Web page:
Cisco doesn’t have much of an investment in existing PC systems, so when it comes to moving to desktop-as-a-service (DaaS), it might only be natural for Cisco to see moving desktops to some form of cloud computing as not only a good idea but also a major opportunity to disrupt the status quo.
With the launch today of a formal Cisco Desktop as a Service (DaaS) offering, Cisco has essentially created a turnkey architecture for deploying DaaS inside the enterprise by either an internal IT organization or an external service provider.
According to Satinder Sethi, vice president of engineering for the Cisco data center group, while the elements needed for delivering desktop as a service have existed for a while, actually being able to package all the technologies needed to succeed has been a challenge. Cisco Desktop as a Service combines the core Cisco Unified Computing System (UCS) platform with desktop virtualization software from either Citrix or VMware. Customers then have the option of attaching storage systems from with EMC or NetApp to complete the entire deployment.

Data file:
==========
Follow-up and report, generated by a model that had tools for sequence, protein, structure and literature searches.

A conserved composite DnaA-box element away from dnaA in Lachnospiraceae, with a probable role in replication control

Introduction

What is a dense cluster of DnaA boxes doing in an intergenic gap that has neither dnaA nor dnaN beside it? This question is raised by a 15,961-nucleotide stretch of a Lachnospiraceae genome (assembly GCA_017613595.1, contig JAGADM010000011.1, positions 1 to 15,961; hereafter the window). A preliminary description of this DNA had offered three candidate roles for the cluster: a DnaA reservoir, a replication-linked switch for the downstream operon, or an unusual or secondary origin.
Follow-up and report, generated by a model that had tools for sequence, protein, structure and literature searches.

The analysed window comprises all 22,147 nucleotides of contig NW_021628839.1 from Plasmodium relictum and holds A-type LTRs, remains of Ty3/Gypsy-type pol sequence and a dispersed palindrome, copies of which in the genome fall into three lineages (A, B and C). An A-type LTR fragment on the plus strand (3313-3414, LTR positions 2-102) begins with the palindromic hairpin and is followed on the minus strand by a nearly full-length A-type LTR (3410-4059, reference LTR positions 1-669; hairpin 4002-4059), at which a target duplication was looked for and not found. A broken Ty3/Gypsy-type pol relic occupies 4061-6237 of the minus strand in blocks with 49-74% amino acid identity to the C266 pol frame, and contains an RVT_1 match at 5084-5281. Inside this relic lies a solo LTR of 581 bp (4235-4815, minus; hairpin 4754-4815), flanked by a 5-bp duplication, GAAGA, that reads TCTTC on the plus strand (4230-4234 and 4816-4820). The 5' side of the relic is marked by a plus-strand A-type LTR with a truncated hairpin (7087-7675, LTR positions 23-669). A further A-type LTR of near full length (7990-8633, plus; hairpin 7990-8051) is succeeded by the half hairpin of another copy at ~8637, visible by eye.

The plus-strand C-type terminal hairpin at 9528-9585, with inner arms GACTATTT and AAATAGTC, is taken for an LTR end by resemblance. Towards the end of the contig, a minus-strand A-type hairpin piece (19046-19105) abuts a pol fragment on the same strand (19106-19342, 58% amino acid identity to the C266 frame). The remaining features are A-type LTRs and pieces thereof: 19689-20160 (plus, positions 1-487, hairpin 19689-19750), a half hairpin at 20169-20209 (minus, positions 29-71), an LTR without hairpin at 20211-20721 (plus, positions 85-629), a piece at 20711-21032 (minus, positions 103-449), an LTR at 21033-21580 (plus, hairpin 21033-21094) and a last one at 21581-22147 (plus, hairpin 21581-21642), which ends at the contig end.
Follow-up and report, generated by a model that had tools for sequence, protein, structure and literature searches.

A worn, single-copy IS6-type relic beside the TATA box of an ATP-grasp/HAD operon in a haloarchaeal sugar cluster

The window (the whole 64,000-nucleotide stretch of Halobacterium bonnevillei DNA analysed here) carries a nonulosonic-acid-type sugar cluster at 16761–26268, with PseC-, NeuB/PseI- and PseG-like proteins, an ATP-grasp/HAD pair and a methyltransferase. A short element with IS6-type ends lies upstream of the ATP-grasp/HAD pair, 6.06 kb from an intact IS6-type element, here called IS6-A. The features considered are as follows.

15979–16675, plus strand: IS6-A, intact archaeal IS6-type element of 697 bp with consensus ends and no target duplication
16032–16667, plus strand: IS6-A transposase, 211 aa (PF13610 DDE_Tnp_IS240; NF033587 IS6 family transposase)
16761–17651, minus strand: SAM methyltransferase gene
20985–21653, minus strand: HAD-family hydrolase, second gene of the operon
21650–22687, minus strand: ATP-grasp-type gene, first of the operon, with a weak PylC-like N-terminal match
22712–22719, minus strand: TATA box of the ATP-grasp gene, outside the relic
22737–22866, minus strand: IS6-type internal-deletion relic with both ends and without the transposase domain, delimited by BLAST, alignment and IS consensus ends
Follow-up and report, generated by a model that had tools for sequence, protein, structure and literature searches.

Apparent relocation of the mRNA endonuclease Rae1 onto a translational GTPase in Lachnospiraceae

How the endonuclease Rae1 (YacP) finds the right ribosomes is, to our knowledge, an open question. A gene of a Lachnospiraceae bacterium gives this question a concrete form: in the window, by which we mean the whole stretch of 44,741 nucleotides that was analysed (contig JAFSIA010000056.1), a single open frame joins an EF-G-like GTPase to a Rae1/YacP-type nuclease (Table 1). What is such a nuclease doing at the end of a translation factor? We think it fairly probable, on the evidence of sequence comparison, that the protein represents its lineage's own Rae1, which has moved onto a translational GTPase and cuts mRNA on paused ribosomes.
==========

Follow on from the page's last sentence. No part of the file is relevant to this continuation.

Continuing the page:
Sethi says the combination of memory extensions and high-speed interconnects in UCS and the rise of Flash storage make deploying desktop virtualization a lot more practical today from a latency perspective.
Some hurdles still have to be overcome in terms of how desktop software is licensed. But in the meantime, Sethi says that from within a Cisco UCS console, IT organizations can now manage up to 2.5 million desktops.
Clearly, the convergence of desktop and server management has some implications for job functions within the average IT organization. Sethi says that Cisco UCS is designed to make it easier to isolate specific services, but over time it’s clear that desktop and server management are going to become more intertwined. In fact, that’s one of the primary reasons that VMware, for example, recently acquired Desktone.
Obviously, Cisco is not the only server vendor making a strong case for DaaS. As the cost of DaaS delivery continues to fall. and latency issues begin to disappear, more organizations are going to see DaaS as a more flexible way of managing the desktop in a manner that reduces the total cost of ownership of IT. While it may take most of 2014 for that transition to play out, the biggest issue now may not be the technology itself, but rather the inertia that is created within most IT organizations any time a job function needs to change.